Making sweeping changes to your child's diet is not only difficult for your child, it will be challenging for you, as well. I recommend focusing on adding in as many of the "good foods" as your child likes, slowly introducing more and more over time. At the same time, decrease access to the "bad foods" without making a big deal of the changes.
If your child is struggling with severe ADHD symptoms, I recommend seeing a qualified nutritionist (I can recommend several).
If all this feels overwhelming - I CAN HELP! This is exactly what I do in my coaching business - I help kids eat more of what is good for them and eat less of what is NOT good for them. I get their buy-in and commitment, keep them accountable, and celebrate each and every small success. And the parents reap the rewards of a child well-fed who is feeling better and is better able to cope with life's challenges.
Please don't hesitate to contact me for a complimentary consultation. I'm here to help. ...
Creating New Holiday Traditions
What do the holidays mean to you? Let's start with Thanksgiving - which is coming up fast. For our family, it's all about creating a special meal and spending quality time with our family and friends. Throw in some game time and a movie or two and you have the ultimate May Family holiday gathering. Unfortunately, this year isn't the best time to get together with people who don't live in your household.
Rather than focus on what we CAN'T do, I'd like to shine a spotlight on some things we CAN do! Below are some ideas I have either heard or read about or have done myself.
Have nearby friends or family members cook their usual "special dish" for Thanksgiving, like Aunt Mary's amazing sweet potatoes or Grandma's melt-in-your-mouth butter rolls. Then every cook puts their dish into individual containers for the other households. Designate a drop off location where all the components of the big meal are exchanged so that each household gets a complete meal. It's like a take home potluck.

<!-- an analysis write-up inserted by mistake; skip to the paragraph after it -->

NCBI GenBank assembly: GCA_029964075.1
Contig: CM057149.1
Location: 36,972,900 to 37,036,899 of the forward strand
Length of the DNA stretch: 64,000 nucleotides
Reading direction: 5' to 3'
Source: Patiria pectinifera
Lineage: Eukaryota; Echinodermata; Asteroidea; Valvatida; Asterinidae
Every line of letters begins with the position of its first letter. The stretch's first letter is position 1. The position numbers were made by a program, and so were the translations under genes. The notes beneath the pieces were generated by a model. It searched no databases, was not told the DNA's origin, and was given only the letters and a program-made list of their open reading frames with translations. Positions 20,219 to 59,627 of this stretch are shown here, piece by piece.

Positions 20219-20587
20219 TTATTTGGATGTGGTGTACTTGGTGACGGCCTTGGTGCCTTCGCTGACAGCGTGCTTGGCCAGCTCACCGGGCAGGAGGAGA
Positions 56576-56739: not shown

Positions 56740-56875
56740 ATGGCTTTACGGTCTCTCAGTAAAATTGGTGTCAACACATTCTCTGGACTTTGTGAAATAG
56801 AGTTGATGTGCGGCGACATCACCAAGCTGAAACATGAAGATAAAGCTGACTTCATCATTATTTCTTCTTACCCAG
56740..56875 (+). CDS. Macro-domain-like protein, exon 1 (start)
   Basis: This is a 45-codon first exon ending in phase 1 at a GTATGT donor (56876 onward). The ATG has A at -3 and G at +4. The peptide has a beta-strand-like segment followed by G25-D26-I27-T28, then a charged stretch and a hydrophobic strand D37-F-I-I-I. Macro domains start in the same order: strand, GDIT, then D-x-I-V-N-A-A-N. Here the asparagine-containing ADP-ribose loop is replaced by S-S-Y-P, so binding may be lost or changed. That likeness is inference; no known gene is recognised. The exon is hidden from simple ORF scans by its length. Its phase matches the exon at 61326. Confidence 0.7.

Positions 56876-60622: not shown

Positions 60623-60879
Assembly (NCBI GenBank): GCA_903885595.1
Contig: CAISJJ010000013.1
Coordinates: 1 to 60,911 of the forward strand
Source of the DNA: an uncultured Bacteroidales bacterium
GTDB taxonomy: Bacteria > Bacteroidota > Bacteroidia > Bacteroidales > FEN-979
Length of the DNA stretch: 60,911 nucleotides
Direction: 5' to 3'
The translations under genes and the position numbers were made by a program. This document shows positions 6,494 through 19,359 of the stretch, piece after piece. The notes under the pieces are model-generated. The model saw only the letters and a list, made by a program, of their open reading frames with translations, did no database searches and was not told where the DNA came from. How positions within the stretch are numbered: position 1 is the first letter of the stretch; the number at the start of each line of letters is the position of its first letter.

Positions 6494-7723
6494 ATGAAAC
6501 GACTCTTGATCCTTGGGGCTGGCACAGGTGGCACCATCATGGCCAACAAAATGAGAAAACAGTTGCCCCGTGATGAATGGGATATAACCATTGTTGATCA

Rent a tent (or convert your garage) for an open-air Thanksgiving cafe. A few well-placed heaters, tables spread apart and following common sense precautions may allow for a few family members or friends to safely visit.
Consider starting a completely new, smaller meal tradition with just the members of your immediate household. Having a meal with a turkey breast (or a couple of thighs), two side dishes and one tasty dessert treat might be enough to celebrate this special time of year without being overwhelming. It can be a great opportunity to get the kids involved in the cooking. Teach them how to prepare one or two of your own speciality dishes.
With no extended family in town, my own family has often scrapped the traditional Thanksgiving meal for something entirely different. One year we made stacked enchiladas with homemade enchilada sauce and homemade refried beans. It's a favorite in our house, so making the non-traditional feast was perfect for us. Get creative and enjoy any favorite meal together.
For some, like my younger son, food allergies make the holidays extra stressful with seemingly everything being about eating. Focusing on activities that do NOT revolve around food can make this time of year fun for all. Choosing a movie series like Star Wars or Harry Potter for a movie marathon over the long weekend could be a new tradition. Having a family game tournament could bring some friendly and fun competition to the holiday. My dad and I always worked a jigsaw puzzle in November or December. Even after I moved away from home and would visit during Thanksgiving or winter break, he'd have a puzzle on a card table ready for us to tackle together.
Thanksgiving is an opportunity for each of us to remember what we're grateful for. Have your children express themselves in a fun way to show what THEY are thankful for this year. One child might write a poem, another may prefer to paint a picture, while yet another might compose a song, write a short story, record a video, or create a dance. Let the kids have fun with this project and maybe the adults can get involved too.